The third and final presidential debate was an ugly affair with both Hillary Clinton and Donald Trump dodging or botching many pressing questions about the future of America and the planet, writes Joe Lauria.
Brushing aside key issues, the second presidential debate took U.S. politics to new lows with Hillary Clinton bashing Donald Trump over his abuse of women and bigotry toward others while Trump vowed to put her in jail, says Joe Lauria.
The U.S. government’s historic abuse of Native Americans has many chapters, including modern ones, such as the standoff at Wounded Knee in 1973 and today’s protests against a pipeline in North Dakota, reports Dennis J Bernstein.
Exclusive: While the gridlocked U.S. political process freezes progress in the fight against global warming, Canada is considering a national tax on carbon emissions to give a boost to renewables, writes Jonathan Marshall.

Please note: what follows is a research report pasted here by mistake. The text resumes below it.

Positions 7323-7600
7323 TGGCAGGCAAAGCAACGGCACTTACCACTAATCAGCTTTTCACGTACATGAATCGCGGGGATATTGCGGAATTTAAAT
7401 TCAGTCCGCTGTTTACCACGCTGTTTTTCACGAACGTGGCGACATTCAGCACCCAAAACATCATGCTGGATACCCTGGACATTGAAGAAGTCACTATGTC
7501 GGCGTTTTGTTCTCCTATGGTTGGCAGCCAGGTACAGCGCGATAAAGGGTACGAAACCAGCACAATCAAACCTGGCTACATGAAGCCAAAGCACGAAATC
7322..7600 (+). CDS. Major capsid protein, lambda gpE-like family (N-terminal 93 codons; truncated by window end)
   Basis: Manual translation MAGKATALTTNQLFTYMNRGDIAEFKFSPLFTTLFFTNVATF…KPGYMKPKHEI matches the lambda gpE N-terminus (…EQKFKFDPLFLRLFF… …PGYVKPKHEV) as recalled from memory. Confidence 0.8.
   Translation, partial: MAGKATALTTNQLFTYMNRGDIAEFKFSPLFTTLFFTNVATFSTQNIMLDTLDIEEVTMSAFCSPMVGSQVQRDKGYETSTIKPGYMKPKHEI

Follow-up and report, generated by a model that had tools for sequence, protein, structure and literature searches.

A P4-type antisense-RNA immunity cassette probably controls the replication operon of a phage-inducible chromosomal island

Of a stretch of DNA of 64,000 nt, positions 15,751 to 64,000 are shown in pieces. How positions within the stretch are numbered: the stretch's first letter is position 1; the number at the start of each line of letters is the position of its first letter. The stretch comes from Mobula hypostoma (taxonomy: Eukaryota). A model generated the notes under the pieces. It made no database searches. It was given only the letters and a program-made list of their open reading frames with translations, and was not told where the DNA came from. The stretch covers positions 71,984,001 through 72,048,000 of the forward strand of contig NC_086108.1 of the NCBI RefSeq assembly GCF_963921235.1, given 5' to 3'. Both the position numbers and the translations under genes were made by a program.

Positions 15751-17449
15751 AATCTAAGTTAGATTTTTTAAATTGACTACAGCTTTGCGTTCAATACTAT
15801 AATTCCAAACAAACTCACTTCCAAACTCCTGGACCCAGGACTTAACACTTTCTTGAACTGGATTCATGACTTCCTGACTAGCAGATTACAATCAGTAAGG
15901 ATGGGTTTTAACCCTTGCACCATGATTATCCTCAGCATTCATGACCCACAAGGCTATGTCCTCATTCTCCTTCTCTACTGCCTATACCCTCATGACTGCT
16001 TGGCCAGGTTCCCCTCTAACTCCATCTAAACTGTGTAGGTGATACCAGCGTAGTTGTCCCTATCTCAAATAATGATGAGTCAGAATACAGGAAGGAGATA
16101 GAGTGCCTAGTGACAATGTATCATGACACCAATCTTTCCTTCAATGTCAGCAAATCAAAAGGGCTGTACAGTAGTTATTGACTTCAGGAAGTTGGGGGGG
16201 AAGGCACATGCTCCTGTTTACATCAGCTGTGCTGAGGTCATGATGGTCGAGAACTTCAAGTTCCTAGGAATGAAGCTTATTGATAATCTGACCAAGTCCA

The circus-like U.S. political process, with a media that treasures trivia over substance, is giving democracy a bad name in the world and making alternative structures look good by comparison, says ex-CIA official Graham E. Fuller.
Though global warming represents a grave danger, it received only passing notice in the first presidential debate, in part, because the politics of climate change are challenging, as ex-CIA analyst Paul R. Pillar explains.
Exclusive: Direct and indirect dangers from global warming are so grave that the issue should be near the top of the U.S. campaign agenda, instead of being downplayed or denied, writes Jonathan Marshall.
Despite the existential risk from global warming, short-term self-interest often wins out, whether opposition to the cost of building mass transit or readiness to put oil-industry jobs over the danger from fossil fuels, as Norman Solomon explains.
Pundits like to pretend that Donald Trump is some strange aberration in the American political-media process, but he is more like the illogical but logical result of a repudiation of rational thought, writes ethics professor Daniel C. Maguire.
A recent congress of major conservation groups soft-pedaled criticism of the U.S. military and other war-makers despite the massive damage they inflict on humans, animals, plants, cultural sites and the environment, reports retired Col. Ann Wright.